Gobbling down sugary, empty-calorie carbohydrates might be some people’s idea of breakfast, but it should be important to start the day off with good nutrition. Part of that is satisfying the need for protein. Eating high-quality protein foods, like eggs, for breakfast can help a person to feel more energized and satisfied throughout the day as compared with eating more protein at lunch or dinner.
Most people admit they don’t take the time to cook breakfast, unless you count preparing a toaster pastry, so they increasingly choose to pick up something on the way to work or school. Breakfast sandwiches with eggs are a component of a large majority of all breakfasts at quick-service restaurants. In fact, a 2011 Datassential study found that 80 percent of hot breakfast sandwiches at quick-service restaurants include eggs, says Alice Heinze, R.D., director of foodservice for the American Egg Board.
Increasingly, the public is aware of the nutrition benefits of eggs . Eggs are nutrient-dense, containing lots of nutrition in relation to their calorie count. Heinze says the 2010 Dietary Guidelines from the U.S. Department of Agriculture (USDA) also suggest Americans “eat a nutrient-dense breakfast.”
“The amount of protein in one large egg is 6 grams or 12 percent of the Recommended Daily Value and the protein in eggs is the highest-quality protein found in any food,” Heinze says. Eggs also are an excellent source of choline and selenium and a good source of vitamin D, phosphorous and riboflavin.
In addition, recent studies have shown that eggs have less cholesterol than ever before. The USDA recently found the average amount of cholesterol in a Grade A large egg is 185 milligrams, 14 percent lower than the 212 mg previously recorded. More than 40 years of research have demonstrated that most healthy adults can enjoy eggs without significantly raising their risk of heart disease, Heinze says.
Most restaurants approach breakfast as a “double barbell’ strategy, says Steve Solomon, national account director for the American Egg Board. The challenge is to balance value against premium and health against indulgence. At breakfast, guests choose the value and health perception of simple breakfast sandwiches containing eggs while others choose to increase that protein by adding premium bacon, ham, sausage, or specialty cheeses as part of a more indulgent offering.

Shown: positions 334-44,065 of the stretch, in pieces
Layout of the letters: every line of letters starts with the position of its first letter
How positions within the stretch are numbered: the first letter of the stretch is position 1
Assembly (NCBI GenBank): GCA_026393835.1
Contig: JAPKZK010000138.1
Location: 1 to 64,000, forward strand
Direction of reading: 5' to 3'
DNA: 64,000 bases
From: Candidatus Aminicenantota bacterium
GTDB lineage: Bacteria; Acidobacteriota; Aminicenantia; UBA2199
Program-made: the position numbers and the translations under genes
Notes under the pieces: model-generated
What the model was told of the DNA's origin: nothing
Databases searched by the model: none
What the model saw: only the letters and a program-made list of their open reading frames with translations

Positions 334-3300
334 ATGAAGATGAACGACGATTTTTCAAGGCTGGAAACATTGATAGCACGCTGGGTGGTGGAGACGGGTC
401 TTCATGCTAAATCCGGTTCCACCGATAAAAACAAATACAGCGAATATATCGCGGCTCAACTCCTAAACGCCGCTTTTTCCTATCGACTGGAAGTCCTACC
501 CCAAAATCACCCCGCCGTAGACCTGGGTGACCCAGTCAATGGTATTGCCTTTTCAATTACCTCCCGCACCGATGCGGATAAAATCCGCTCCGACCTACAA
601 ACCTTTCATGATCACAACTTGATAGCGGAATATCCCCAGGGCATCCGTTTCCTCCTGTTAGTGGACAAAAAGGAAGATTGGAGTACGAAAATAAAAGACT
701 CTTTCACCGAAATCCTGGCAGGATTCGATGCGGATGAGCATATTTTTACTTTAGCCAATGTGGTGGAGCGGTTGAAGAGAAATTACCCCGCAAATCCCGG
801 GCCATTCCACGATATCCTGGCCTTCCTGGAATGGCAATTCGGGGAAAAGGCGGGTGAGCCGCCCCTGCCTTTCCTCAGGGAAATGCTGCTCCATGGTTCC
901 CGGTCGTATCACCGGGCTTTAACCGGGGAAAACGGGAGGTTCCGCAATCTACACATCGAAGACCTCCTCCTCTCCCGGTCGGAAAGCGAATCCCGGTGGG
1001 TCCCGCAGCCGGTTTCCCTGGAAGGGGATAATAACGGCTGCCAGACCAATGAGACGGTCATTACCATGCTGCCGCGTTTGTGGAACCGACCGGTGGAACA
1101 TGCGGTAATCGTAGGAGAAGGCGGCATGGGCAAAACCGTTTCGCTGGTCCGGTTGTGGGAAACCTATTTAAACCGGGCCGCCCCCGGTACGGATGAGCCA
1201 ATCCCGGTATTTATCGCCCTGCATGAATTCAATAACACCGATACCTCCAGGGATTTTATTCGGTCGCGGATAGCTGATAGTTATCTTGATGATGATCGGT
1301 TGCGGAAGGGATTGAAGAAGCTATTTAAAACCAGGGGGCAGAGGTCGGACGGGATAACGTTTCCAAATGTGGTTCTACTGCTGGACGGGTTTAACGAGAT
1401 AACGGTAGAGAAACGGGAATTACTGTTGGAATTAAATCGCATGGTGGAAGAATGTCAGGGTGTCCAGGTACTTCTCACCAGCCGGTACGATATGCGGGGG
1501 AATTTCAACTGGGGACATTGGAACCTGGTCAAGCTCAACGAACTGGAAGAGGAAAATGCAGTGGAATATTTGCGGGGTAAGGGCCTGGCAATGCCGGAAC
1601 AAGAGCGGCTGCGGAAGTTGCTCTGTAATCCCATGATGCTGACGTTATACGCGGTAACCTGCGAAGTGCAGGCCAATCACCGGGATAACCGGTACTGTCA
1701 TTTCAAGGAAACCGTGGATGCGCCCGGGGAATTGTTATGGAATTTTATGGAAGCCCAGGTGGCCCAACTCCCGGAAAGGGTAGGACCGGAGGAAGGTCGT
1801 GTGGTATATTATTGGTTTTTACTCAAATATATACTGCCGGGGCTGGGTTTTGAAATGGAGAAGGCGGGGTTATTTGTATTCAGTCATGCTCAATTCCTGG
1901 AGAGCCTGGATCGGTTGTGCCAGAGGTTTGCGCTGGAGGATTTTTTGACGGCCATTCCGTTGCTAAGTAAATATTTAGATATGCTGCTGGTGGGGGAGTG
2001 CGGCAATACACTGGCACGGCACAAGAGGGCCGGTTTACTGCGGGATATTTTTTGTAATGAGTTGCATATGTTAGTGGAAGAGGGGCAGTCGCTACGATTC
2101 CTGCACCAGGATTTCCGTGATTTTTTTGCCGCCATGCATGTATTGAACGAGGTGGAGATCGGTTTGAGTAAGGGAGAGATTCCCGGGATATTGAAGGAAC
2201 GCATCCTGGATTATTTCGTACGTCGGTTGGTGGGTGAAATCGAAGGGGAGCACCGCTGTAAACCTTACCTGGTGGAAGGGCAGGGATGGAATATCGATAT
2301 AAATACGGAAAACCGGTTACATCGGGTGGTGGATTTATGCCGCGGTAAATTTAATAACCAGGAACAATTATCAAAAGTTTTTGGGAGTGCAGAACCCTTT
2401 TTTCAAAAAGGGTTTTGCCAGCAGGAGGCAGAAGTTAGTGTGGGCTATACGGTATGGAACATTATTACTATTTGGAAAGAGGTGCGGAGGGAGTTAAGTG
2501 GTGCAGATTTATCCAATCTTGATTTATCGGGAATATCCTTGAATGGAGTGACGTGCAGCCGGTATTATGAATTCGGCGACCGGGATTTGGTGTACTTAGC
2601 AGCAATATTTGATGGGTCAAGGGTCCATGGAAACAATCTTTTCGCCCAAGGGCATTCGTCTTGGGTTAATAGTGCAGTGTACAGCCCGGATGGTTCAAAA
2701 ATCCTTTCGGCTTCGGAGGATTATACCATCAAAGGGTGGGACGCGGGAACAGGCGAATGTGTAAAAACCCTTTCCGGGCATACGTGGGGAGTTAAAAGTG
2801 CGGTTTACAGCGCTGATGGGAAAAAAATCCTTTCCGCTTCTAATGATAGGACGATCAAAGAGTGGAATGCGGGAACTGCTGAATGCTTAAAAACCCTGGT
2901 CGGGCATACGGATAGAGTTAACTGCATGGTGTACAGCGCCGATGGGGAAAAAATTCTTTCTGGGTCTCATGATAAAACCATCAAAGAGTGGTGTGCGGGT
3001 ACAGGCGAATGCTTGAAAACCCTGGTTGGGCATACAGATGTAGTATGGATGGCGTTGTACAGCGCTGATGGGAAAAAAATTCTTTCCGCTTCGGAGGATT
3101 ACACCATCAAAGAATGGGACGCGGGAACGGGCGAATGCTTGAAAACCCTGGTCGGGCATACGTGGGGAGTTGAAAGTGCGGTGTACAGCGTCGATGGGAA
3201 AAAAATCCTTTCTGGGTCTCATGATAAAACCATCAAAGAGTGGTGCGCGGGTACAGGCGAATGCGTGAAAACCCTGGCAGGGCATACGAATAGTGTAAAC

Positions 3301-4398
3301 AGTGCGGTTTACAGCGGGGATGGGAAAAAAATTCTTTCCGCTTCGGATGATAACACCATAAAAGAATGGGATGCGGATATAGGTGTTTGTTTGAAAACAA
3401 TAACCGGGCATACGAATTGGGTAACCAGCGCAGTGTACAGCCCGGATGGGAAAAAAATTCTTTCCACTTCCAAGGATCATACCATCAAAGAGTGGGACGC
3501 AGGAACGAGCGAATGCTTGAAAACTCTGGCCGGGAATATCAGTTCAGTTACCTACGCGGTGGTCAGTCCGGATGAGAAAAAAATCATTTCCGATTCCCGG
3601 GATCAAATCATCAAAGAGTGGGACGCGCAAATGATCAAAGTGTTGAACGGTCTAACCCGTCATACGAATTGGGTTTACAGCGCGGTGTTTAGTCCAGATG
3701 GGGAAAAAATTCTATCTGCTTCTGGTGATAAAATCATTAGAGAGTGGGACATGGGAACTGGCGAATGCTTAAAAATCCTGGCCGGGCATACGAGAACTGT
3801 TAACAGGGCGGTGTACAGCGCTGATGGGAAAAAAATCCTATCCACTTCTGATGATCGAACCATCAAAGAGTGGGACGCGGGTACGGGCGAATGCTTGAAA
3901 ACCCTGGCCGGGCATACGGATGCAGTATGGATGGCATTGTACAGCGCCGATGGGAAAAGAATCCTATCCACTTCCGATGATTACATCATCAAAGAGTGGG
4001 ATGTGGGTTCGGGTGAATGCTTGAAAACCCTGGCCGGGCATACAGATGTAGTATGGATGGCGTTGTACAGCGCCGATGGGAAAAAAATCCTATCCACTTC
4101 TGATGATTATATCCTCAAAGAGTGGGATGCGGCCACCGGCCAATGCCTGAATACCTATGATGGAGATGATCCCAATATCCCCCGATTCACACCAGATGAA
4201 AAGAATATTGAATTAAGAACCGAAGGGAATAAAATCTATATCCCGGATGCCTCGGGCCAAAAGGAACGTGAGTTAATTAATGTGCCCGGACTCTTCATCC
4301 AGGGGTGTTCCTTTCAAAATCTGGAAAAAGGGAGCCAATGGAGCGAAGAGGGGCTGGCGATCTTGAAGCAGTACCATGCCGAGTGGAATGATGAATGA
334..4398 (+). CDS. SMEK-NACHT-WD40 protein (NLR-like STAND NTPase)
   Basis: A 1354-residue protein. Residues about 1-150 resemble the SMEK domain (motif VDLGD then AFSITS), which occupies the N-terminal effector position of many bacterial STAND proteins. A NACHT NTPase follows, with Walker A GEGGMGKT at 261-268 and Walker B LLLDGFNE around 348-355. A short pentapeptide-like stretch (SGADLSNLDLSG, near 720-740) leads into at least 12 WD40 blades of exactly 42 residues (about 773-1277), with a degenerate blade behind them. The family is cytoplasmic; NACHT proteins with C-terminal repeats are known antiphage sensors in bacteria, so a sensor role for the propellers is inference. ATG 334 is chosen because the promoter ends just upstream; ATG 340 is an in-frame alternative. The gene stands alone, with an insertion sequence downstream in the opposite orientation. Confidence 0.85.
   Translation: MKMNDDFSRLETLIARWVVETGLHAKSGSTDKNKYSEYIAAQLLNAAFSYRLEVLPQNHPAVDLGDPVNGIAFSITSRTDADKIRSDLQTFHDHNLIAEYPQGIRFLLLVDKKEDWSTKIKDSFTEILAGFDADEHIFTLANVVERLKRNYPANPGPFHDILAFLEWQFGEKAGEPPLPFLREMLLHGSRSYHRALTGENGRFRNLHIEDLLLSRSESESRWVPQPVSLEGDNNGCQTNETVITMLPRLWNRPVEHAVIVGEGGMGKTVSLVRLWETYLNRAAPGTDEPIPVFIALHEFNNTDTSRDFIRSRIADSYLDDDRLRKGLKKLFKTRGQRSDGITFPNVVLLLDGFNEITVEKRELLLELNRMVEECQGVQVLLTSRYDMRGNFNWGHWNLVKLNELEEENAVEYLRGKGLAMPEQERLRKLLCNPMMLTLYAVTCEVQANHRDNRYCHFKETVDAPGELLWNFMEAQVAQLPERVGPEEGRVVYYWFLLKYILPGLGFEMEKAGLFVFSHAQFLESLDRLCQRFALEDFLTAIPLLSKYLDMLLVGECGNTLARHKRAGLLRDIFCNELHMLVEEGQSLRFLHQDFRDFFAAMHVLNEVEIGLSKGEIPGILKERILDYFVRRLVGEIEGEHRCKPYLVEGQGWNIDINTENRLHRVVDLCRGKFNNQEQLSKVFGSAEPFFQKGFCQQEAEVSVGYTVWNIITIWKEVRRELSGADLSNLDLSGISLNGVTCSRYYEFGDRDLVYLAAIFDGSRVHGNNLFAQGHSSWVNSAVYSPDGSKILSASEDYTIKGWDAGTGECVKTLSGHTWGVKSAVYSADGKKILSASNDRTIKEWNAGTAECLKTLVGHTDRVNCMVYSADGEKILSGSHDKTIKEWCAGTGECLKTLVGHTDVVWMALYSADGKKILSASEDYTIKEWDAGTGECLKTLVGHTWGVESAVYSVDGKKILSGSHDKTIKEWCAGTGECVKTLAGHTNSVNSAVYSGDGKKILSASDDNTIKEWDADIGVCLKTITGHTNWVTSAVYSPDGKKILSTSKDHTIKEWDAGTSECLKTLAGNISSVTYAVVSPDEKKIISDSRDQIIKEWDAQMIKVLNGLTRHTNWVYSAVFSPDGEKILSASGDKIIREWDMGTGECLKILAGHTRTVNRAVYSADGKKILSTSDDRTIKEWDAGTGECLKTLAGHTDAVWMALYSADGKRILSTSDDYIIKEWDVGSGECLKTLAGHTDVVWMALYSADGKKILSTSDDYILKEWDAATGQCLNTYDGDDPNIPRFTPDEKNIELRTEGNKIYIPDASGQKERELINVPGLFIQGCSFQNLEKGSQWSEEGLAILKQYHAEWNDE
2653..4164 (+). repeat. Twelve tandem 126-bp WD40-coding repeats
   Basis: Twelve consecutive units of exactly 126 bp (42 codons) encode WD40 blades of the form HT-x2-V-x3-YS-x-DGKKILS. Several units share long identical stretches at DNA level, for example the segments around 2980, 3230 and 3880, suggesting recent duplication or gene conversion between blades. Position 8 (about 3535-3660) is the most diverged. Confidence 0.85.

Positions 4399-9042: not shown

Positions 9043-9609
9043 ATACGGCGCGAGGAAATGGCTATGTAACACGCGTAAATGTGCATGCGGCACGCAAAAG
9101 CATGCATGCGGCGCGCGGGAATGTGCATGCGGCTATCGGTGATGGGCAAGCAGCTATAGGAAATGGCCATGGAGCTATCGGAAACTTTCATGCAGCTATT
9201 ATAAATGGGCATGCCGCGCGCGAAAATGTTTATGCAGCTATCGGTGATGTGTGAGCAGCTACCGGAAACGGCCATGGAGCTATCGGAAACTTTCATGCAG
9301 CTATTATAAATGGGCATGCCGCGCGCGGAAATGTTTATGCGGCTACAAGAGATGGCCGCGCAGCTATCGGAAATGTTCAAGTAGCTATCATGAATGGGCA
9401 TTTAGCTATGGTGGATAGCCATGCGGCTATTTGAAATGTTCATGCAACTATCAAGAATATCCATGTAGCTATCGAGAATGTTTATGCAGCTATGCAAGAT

“Items such as applewood-smoked bacon, higher-quality hams such as Black Forest and Rosemary, and cheeses such as artisan cheeses built around eggs can increase the premium aspect of these breakfast items,” Solomon says. “Competitors are raising the bar, and quality is ramping up everywhere.”
Nearly all quick-service chains have their own proprietary version of the breakfast sandwich built around eggs, but many are increasing the flavor and quality profile.
Dunkin’ Donuts Big N’ Toasty sandwich is a good example, featuring two fried eggs, cherrywood-smoked bacon, and American cheese on Texas toast. The item augments Dunkin’ Donuts’ already popular egg white flatbreads. Subway offers a variety of breakfast sandwiches featuring Black Forest ham, bacon, and steak, with eggs and cheese on flatbread or rolls. Starbucks’ Veggie & Monterey Breakfast Sandwich has vegetables, an egg, and Monterey jack cheese on an artisan roll. Its Bacon & Gouda Artisan Breakfast Sandwich has bacon, Parmesan frittata, and aged Gouda cheese on an artisan roll. Both of these sandwiches are 350 calories. McDonald’s maintains its dominance with the Egg McMuffin, featuring an egg, cheese, and Canadian bacon on an English muffin. McDonald’s also serves the McGriddle, with bacon, egg, and cheese on a pancake.
Source: QSR magazine, November 2011.